During the past year, daily equity market declines and gains exceeding 1% have been common, with investor sentiment quickly changing based on the prevailing outlook for the Federal Reserve’s monetary policy. At times, favorable economic news, including encouraging job creation numbers, has caused investors to sell equities based on fear that the Fed would stymie the country’s recovery and hurt corporate profits by rising interest rates.
At other times, disappointing economic news has caused euphoria as investors flock to stocks with the belief that low interest rates will continue to juice corporate earnings and stimulate the economy. In the process, investors have overlooked the country’s slow but steady economic growth and encouraging corporate fundamentals.
For advisors, such times of turmoil are an opportunity to add value by helping clients sleep at night by dispelling common interest rate myths. At the same time, advisors can use interest rate fears as an opportunity to emphasize the merits of taking a long-term approach to investing and managing risk with portfolio diversification.
Advisors should start by explaining to clients that fears over rising interest rates are overblown and that Fed rate increases typically support, rather than harm, equity markets. Indeed, a recent Bloomberg analysis of market data going back to 1952 has concluded that stocks, on average, have climbed 4.2% during the first six months after the Fed starts increasing interest rates and 5.8% in subsequent six-month periods.
Broadly speaking, increased costs of financing for corporations have been offset by favorable economic conditions for businesses. For example, rate increases occur when declining unemployment and strong consumer sentiment support retail shopping, so companies have increased opportunities for growing their revenues and earnings.
At the same time, rate increases can help strengthen profit margins for banks, brokerages, and insurance companies.
Advisors should also point out that interest rate increases and the Fed’s move away from an accommodative policy are expected to be mild. Regarding overall interest rates, debt securities worldwide are producing historically low yields. In some countries, debt is even providing negative yields. As a result, foreign investors have been snatching up U.S. corporate and government bonds that have been offering higher yields.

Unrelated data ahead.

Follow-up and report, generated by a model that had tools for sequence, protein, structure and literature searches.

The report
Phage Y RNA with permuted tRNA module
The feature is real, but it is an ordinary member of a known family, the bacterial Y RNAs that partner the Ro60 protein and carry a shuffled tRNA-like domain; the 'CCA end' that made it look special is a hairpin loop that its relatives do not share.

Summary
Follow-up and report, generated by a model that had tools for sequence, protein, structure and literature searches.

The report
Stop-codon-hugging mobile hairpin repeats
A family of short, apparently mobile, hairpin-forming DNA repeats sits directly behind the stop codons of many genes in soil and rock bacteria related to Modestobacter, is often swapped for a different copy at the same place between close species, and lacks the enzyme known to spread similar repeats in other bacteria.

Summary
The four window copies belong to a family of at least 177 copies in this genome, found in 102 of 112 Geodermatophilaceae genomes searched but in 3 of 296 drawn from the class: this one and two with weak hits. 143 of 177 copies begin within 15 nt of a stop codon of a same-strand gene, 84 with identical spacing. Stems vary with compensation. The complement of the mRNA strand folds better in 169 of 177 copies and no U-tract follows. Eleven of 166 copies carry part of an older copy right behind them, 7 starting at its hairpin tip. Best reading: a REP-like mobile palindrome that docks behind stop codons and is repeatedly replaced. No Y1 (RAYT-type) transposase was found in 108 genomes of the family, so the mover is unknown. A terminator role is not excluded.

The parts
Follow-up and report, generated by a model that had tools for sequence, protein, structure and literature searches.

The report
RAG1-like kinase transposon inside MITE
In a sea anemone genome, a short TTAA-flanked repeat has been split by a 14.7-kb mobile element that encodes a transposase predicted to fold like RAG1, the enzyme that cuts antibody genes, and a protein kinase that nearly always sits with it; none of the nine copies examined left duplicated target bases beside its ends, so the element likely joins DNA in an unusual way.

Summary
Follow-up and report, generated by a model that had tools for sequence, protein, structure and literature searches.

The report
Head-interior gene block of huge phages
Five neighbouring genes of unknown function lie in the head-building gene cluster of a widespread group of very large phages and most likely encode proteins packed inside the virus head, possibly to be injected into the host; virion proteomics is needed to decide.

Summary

Since bond yields move in the opposite direction of prices, the increased buying of U.S. debt by foreign investors is likely to help maintain a low interest rate environment even if the Fed changes its accommodative policy.
After making those points, advisors should emphasize that corporate fundamentals remain strong and that it’s important to maintain a long-term investing perspective to ride out market volatility.
At first blush, of course, corporate earnings growth appears to be moderating. Yet, after accounting for the impact upon the energy and industrials sectors of low oil prices and the impact upon exports of a strong U.S. dollar, earnings have been encouraging. That’s especially true in sectors such as information technology that are benefiting from the rapid growth of Internet-based services.
From a long term perspective, consumer spending has also been strengthening as Americans are seeing their spending power increase as they pay lower prices for gasoline and heating oil.
Corporations are also increasing their dividends, conducting mergers and acquisitions, and performing stock buybacks, all of which are providing additional support to equities.
At the same time, advisors should remind clients that periods of market declines are often followed by strong equity gains. For example, after the S&P 500 dropped to a low for the year in August following concerns over China’s moderating economic growth, it quickly snapped back and has generated an approximately 10% return since then.
While no one can forecast market directions with utmost certainty, advisors should also point out that from a historical perspective, longer periods of equity declines have eventually been followed by sustained market recoveries.